"Large-Scale Structure in the Universe: Walls, Voids, Filaments and the End of Greatness"
Tue Aug 12 2008
We asked Kathryn Stanonik, a graduate student at Columbia University’s department of astronomy, to summarize her Friday 22 lecture in 60 seconds or less. We kindly created footnotes for the dummies in the room. For more info, go to astro.columbia.edu.
“The idea is, if you look at the area around us, do you expect to see structure? If you look on small scales close to our sun, you see stars that are fairly uniformly distributed.1 But if you look farther out, you see that we’re part of a spiral arm in our galaxy.2 You look at galaxies near us and the question is, Do we see galaxies just randomly distributed in the universe or do we see some structure? We actually see huge structures. We see galaxies forming filaments through space,3 we see walls of galaxies, we see really empty regions with very few galaxies in them, and we see giant clusters where there are tons of galaxies.4 What we’re studying is what can we learn about the history of our universe by looking at the structures we see today.5”—As told to Roisin McGinn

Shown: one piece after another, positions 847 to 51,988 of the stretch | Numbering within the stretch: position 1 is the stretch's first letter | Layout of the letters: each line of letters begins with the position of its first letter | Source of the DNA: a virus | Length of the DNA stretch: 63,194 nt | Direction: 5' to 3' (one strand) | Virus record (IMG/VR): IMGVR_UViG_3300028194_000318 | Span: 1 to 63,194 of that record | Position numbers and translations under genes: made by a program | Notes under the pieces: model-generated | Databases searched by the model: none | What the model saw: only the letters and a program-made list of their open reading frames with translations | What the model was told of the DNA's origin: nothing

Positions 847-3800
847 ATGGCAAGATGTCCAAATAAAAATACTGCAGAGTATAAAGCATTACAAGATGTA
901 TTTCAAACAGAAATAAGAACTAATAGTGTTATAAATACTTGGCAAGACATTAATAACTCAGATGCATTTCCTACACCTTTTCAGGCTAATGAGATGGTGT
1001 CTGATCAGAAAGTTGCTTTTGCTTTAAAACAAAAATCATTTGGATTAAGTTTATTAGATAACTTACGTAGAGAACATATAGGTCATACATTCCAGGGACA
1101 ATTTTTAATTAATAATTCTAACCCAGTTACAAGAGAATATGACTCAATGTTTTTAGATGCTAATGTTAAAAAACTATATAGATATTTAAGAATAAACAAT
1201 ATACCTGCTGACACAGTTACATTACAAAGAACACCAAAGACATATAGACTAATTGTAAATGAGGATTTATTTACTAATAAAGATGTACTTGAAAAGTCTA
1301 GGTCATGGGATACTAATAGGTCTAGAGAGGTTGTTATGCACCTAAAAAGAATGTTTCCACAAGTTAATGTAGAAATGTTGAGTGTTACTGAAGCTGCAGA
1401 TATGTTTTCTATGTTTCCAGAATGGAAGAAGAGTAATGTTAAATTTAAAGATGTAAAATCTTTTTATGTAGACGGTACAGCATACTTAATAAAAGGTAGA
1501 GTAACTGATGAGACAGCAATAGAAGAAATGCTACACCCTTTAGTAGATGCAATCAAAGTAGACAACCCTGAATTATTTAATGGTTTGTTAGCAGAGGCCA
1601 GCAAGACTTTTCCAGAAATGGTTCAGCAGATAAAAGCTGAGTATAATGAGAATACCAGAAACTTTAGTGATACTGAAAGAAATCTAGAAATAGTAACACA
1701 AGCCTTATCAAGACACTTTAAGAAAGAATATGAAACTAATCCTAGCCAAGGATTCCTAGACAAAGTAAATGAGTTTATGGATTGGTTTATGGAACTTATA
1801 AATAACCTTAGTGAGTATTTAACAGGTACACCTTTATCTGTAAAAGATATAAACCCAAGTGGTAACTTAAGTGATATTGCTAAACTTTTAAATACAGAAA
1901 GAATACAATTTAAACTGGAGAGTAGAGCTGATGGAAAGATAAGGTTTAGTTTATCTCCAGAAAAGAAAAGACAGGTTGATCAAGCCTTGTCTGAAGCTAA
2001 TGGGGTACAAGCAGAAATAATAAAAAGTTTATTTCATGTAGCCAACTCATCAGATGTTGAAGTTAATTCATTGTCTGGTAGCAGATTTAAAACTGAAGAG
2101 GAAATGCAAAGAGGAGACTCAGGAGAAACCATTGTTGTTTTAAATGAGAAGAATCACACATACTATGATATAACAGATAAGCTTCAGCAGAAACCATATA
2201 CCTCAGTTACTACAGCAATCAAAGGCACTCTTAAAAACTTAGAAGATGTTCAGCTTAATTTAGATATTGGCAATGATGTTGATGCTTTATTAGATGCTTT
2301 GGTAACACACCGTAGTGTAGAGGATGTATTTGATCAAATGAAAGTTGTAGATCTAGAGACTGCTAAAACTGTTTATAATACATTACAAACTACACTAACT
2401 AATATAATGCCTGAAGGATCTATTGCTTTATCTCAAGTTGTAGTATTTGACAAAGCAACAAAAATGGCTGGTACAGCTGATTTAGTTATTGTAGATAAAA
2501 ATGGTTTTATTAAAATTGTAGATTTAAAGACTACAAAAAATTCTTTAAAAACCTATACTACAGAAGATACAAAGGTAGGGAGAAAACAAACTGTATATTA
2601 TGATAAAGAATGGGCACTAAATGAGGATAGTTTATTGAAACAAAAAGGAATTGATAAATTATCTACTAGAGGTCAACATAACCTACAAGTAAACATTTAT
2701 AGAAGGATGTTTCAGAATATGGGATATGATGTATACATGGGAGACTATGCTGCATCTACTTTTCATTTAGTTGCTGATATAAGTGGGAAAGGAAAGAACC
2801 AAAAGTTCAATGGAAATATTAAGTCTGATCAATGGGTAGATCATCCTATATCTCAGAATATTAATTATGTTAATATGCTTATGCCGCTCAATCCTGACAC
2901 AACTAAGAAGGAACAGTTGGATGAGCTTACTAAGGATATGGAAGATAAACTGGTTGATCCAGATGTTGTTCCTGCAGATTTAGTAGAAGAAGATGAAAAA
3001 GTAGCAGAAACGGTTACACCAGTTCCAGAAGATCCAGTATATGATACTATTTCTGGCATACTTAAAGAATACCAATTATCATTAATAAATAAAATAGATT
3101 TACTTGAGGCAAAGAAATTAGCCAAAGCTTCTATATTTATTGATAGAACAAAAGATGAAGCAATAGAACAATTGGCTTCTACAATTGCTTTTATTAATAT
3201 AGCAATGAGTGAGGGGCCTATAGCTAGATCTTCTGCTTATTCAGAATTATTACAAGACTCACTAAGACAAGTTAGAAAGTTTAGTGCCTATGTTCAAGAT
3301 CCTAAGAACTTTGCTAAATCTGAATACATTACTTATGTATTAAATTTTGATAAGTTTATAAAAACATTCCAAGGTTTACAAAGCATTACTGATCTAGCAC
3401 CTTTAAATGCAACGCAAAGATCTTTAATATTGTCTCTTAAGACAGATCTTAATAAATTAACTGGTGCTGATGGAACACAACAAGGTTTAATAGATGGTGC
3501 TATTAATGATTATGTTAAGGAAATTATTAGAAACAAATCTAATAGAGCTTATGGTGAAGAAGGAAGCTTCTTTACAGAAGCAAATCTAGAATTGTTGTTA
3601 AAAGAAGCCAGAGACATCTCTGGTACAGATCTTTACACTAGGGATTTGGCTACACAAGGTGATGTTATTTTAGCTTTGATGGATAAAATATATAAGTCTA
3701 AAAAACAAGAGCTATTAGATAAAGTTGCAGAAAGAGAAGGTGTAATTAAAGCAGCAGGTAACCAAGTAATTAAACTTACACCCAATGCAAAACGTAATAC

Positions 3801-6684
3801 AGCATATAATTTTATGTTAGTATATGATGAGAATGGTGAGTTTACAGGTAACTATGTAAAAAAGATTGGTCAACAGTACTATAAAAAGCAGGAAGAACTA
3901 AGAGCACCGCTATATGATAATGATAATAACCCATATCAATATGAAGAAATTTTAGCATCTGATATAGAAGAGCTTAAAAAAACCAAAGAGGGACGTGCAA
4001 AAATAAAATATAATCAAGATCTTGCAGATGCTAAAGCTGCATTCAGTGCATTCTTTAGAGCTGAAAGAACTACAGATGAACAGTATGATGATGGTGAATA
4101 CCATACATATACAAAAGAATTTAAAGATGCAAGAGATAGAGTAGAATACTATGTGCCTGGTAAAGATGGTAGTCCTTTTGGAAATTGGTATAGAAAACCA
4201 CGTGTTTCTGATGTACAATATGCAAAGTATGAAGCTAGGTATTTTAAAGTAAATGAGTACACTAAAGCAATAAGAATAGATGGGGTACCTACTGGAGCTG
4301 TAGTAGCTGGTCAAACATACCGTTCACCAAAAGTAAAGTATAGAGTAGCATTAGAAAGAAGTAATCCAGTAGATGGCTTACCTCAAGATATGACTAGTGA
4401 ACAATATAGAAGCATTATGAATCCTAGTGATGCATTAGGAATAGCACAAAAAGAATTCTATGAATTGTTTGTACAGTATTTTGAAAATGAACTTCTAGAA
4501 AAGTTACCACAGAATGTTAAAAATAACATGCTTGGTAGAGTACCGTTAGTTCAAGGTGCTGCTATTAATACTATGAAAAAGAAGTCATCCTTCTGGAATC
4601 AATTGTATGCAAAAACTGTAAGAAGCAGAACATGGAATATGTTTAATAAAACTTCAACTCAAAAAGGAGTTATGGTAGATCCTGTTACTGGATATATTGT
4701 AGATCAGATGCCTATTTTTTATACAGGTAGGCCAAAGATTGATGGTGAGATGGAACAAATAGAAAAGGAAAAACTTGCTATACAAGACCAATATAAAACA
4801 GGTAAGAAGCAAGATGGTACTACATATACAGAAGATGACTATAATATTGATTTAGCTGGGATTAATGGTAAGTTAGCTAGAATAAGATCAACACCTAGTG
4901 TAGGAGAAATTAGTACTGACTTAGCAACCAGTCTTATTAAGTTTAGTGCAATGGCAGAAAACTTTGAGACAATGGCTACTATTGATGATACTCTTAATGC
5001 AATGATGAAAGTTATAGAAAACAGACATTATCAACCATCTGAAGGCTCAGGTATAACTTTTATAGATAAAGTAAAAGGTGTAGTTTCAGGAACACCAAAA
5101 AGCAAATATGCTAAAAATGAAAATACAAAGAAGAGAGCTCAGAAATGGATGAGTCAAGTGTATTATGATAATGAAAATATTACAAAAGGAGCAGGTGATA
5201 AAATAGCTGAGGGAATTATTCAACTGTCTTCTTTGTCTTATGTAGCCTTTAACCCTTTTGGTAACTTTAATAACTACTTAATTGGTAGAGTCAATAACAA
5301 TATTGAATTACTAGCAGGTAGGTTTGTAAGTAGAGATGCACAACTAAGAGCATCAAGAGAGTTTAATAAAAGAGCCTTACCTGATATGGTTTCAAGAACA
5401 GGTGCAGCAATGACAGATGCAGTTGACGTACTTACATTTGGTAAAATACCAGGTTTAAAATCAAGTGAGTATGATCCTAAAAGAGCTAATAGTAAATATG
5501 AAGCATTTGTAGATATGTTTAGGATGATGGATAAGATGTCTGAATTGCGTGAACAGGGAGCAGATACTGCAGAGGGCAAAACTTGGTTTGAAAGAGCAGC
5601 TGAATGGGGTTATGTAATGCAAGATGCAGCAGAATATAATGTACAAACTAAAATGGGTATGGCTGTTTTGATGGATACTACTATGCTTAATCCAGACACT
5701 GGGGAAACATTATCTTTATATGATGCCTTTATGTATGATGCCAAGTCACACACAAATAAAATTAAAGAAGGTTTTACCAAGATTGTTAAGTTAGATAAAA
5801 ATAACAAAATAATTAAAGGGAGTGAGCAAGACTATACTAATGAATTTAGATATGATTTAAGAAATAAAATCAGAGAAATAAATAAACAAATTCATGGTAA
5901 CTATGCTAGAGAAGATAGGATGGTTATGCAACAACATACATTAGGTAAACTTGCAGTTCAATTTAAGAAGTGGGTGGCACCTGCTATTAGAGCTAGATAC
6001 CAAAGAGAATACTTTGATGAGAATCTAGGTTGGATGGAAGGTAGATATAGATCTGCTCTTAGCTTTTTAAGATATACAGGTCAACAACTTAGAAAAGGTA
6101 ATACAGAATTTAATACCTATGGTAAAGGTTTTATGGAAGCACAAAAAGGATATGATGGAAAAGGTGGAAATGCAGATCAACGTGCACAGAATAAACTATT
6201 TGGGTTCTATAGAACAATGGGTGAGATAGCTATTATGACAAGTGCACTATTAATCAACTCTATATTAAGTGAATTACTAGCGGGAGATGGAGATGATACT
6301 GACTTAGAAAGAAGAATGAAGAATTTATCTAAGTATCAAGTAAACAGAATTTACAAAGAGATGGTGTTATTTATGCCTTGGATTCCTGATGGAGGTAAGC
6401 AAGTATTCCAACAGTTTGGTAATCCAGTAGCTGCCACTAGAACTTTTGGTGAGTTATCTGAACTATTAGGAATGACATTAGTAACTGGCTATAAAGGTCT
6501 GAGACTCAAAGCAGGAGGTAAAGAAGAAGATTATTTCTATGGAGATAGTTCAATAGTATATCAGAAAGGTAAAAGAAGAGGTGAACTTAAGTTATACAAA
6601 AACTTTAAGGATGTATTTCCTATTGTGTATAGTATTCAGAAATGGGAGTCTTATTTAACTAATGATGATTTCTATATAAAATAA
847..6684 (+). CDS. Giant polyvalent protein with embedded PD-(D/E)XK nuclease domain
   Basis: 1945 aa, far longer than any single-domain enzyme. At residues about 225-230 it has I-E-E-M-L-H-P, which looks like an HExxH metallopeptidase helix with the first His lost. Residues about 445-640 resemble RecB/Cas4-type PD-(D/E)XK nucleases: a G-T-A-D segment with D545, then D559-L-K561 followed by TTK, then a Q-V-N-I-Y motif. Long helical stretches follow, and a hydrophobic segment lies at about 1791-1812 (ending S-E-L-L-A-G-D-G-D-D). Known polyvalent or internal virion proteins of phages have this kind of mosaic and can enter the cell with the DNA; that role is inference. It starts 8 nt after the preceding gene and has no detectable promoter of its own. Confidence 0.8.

1 Like the ones from your last acid trip. 2 It’s that whole “can’t see the forest for the trees” thing. When you’re in the thick of something, it doesn’t appear ordered. Only when you zoom out can you identify patterns. 3 Picture a cobweb collecting dust. The dust is like matter forming in space and the web is the bridge, or “filament,” connecting it all together. 4 Think high-school prom: The cool kids cluster in one area, and the fatties stand by themselves. 5 Whoa.